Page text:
Cognitive Decline in Mild Alzheimer’s Slowed with Azeliragon

Cognitive Decline in Mild Alzheimer’s Slowed with Azeliragon
Data from a Phase 2b clinical trial showing that  vTv Therapeutics's investigational drug, azeliragon, slows cognitive decline in patients with mild Alzheimer’s disease were presented at the Alzheimer's Association International Conference 2016 in Toronto this week. Azeliragon is a drug that blocks the receptor RAGE (Receptor for Advanced Glycation Endproducts) in the brain. Normally found in low numbers in a healthy brain, RAGE numbers increase during inflammation. Examinations of deceased Alzheimer’s patients indicate that RAGE numbers seem to correlate with disease severity and progression. The higher number affects both neurons and glial cells in the brain, and is linked to blood vessel dysfunction — another key factor that influences dementia development. Preclinial studies have shown that blocking the receptor impacts several processes that researchers believe contribute to Alzheimer’s disease. It reduces the accumulation of amyloid-beta and prevents the formation of fibrils made up of the tau protein. Azeliragon also dampens brain inflammation. The study compared azeliragon to placebo in a randomized, double-blind manner — with neither patient nor study staff aware of which treatment a patient received. Evaluated were 399 patients with mild to moderate Alzheimer’s disease, who had been treated with cholinesterase inhibitors or Namenda (memantine). The trial initially explored two dosing strategies. The higher dosing regimen was initiated with 60 mg azeliragon per day for six days, followed by a maintenance dose of 20 mg per day for 18 months. Patients receiving the lower dose started with 15 mg per day for six days, followed by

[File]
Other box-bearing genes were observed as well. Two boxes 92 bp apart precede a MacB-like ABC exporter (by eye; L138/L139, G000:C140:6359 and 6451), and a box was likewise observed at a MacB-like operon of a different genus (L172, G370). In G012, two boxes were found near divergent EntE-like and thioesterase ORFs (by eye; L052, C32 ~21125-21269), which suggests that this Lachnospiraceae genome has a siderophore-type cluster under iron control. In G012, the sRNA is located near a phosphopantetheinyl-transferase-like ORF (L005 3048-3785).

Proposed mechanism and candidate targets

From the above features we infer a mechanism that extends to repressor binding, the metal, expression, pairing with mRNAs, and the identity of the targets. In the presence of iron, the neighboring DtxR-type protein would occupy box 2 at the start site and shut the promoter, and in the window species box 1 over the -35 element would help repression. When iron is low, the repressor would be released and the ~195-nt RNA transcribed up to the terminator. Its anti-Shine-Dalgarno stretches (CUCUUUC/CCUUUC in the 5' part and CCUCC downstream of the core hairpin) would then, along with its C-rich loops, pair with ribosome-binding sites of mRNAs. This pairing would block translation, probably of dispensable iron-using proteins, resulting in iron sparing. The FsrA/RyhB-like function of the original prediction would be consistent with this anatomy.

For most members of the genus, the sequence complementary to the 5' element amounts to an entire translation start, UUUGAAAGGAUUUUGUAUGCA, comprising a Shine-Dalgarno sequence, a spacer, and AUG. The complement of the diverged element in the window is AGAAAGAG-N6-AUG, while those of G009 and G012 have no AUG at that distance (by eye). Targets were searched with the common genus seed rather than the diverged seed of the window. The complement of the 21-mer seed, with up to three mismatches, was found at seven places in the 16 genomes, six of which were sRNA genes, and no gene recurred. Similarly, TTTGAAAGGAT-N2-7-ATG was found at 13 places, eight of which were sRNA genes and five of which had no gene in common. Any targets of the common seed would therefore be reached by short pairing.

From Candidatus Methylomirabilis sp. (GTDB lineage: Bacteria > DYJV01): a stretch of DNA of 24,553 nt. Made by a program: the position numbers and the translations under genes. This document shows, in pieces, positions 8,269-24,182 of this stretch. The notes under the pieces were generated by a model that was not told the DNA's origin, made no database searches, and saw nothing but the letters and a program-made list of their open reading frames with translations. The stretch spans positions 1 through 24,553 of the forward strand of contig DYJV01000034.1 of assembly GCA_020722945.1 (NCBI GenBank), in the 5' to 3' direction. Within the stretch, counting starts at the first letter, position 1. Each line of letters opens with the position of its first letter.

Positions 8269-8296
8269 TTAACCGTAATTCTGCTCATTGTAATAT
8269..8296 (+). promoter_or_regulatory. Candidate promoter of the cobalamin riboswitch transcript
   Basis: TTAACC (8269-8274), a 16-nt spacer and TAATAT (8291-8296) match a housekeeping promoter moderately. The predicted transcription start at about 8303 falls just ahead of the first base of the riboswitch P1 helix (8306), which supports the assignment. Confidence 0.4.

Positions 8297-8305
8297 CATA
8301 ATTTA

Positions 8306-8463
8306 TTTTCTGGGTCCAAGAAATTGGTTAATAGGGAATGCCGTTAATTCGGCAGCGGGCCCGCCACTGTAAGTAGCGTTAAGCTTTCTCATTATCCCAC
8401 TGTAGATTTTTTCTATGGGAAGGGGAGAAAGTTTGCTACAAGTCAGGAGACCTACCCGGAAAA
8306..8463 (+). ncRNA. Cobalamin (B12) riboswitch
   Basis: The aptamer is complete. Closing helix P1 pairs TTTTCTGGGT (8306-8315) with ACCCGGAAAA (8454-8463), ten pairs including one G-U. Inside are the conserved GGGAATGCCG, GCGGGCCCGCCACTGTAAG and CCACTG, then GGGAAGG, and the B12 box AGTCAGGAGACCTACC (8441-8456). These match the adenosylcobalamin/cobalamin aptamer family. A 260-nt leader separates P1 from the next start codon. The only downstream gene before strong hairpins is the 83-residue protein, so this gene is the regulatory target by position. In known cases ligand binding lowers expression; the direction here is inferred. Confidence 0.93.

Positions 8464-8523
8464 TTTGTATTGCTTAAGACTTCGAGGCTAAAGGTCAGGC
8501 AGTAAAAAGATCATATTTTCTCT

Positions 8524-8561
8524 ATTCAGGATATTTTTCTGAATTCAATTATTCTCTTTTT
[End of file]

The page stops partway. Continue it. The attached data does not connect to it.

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  1. Diane Neher says:

    My mother is on this study. She’s into the 2 year mark and is on the real medicine. I’m concerned because her confusion has increased surmountable since she’s been on the real medicine.

    • Tim Bossie says:

      We are so very sorry to hear that Diane. It is incredibly hard to see our loved ones, especially our parents or our children, suffer with a disease that we can’t help them with.

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